Marketing is important. If you’re reading this article on this magazine then chances are I don’t have to convince you. However, rarely does a conversation about exceptional marketing go hand in hand with a discussion about the need for an exceptional product.
Marketing may be the catalyst for getting customers, but an exceptional product or service is the key to retaining them.
Your products, services, and customer support are all vital to your business and can be the launching ground for future marketing. After all, what is a better way to market your business than to cite existing happy customers?
A case study of exceptional marketing followed by mediocre products can be witnessed in the contemporary film industry. As of this writing, the following summer big budget blockbusters have totaled a loss of close to 140 million dollars: R.I.P.D., Pacific Rim, The Lone Ranger, White House Down, After Earth.
Why would films of this scale with name brand stars fail to break even?
Before, I give you my opinion, first let’s discuss the marketing. Most of these films have something in common; they all exhibited out-of-the-box thinking when it came to the marketing.
R.I.P.D. released an animated prequel on Adult Swim, arguably targeting its core audience.
Pacific Rim released “news reel” style videos documenting attacks around the world and created downloadable blueprints of the heroic robots depicted in the film.
After Earth reportedly spent as much on the marketing of the film as the making of the film. The marketing team developed a very sophisticated web site that allowed for deep interactivity with the film’s protagonist. Also, notable to the marketing was that the director’s name, M. Night Shyamalan, was conspicuously left out.
Each of these films was arguably a household name months before release. Even if you didn’t know what the movie was about, you knew it was “the one with the robots” or “the one with Will Smith and his son” or “The Lone Ranger” remake.
Why then would these features be case studies for how to write off studio losses?
Because of the cat.
Yes, as with all good things about the internet, this story has a cat.
In this case a book called “Save The Cat!” written by Blake Snyder. It is an immensely popular must read tome for screenwriters.
The book is an academic discussion about the structure of film. It breaks down a screenplay into acts and then further into “beats”. It then goes on to refine when a beat should take place and how much time (or pages) should be between beats.
When Snyder published his book in 2005, it was as if an explosion ripped through Hollywood. The book offered something previous screenplay guru tomes didn’t. Instead of a broad overview of how a screen story fits together, his book broke down the three-act structure into a detailed “beat sheet”: 15 key story “beats”—pivotal events that have to happen—and then gave each of those beats a name and a screenplay page number. Given that each page of a screenplay is expected to equal a minute of film, this makes Snyder’s guide essentially a minute-to-minute movie formula.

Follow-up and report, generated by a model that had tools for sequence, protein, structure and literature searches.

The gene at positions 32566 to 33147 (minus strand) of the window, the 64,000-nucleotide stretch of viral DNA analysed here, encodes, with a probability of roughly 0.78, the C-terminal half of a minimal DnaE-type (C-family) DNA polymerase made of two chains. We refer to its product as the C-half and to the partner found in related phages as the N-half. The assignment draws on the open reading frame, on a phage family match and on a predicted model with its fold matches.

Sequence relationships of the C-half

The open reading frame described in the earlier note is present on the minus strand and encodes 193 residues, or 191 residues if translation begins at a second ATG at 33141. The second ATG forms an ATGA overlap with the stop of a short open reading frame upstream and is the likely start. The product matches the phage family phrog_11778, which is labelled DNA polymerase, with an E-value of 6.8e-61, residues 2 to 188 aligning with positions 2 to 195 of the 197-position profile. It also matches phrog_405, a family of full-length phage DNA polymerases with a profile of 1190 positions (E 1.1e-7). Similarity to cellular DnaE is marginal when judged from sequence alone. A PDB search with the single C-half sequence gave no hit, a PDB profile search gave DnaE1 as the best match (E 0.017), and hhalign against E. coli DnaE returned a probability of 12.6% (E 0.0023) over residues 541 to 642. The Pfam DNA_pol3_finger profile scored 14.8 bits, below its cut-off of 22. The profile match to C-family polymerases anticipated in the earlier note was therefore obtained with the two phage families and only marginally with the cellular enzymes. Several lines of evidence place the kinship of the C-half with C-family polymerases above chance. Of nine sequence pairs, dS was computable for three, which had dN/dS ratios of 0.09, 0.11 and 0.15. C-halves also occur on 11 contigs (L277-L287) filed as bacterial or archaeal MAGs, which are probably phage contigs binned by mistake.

Snyder, who died in 2009, would almost certainly dispute this characterization. In Save the Cat!, he stresses that his beat sheet is a structure, not a formula, one based in time-tested screen-story principles. It’s a way of making a product that’s likely to work—not a fill-in-the-blanks method of screenwriting.
Excerpt originally published in Slate Magazine, July 19, 2013
Save the Movie! The 2005 screenwriting book that’s taken over Hollywood—and made every movie feel the same.
There’s nothing wrong with the book or its intent. However, the end result seems to be a pattern of lower ticket sales as the consumer becomes more aware of the formulaic process that is being used to churn out films.
So what is the lesson? Don’t buy into formulaic thinking.
The marketing industry doesn’t have an iconic tome as the scriptwriting industry does, but if you look around even casually, you’ll quickly be inundated with kits, webinars and videos that all claim to give you the secret to list building or SEO or link building or social marketing or personal branding or … the list goes on and on.
Are all of these products bad? No. But are all of them good? No again.
For research purposes, I’ve purchased a few here and there and you know what I found? They are mostly the same and offer nothing that you couldn’t find on your own by rolling up your sleeves and doing some good old fashioned research.
The greater problem with these products is that they break you, your business and your services down to action beats. Your business will be a formula. So what does that make your business?
A remake that lacks sustainability.
When it comes to running your marketing, produce the best marketing that you can and don’t strive to pace your competitors; strive to be better. But in that chaos, don’t forget that you still have an obligation to provide your customers with a good product.
If that product is the same old thing they can get anywhere else, or just repeats a formula, then you will have a tough time keeping clients because like today’s moviegoers they may decide to stop buying tickets.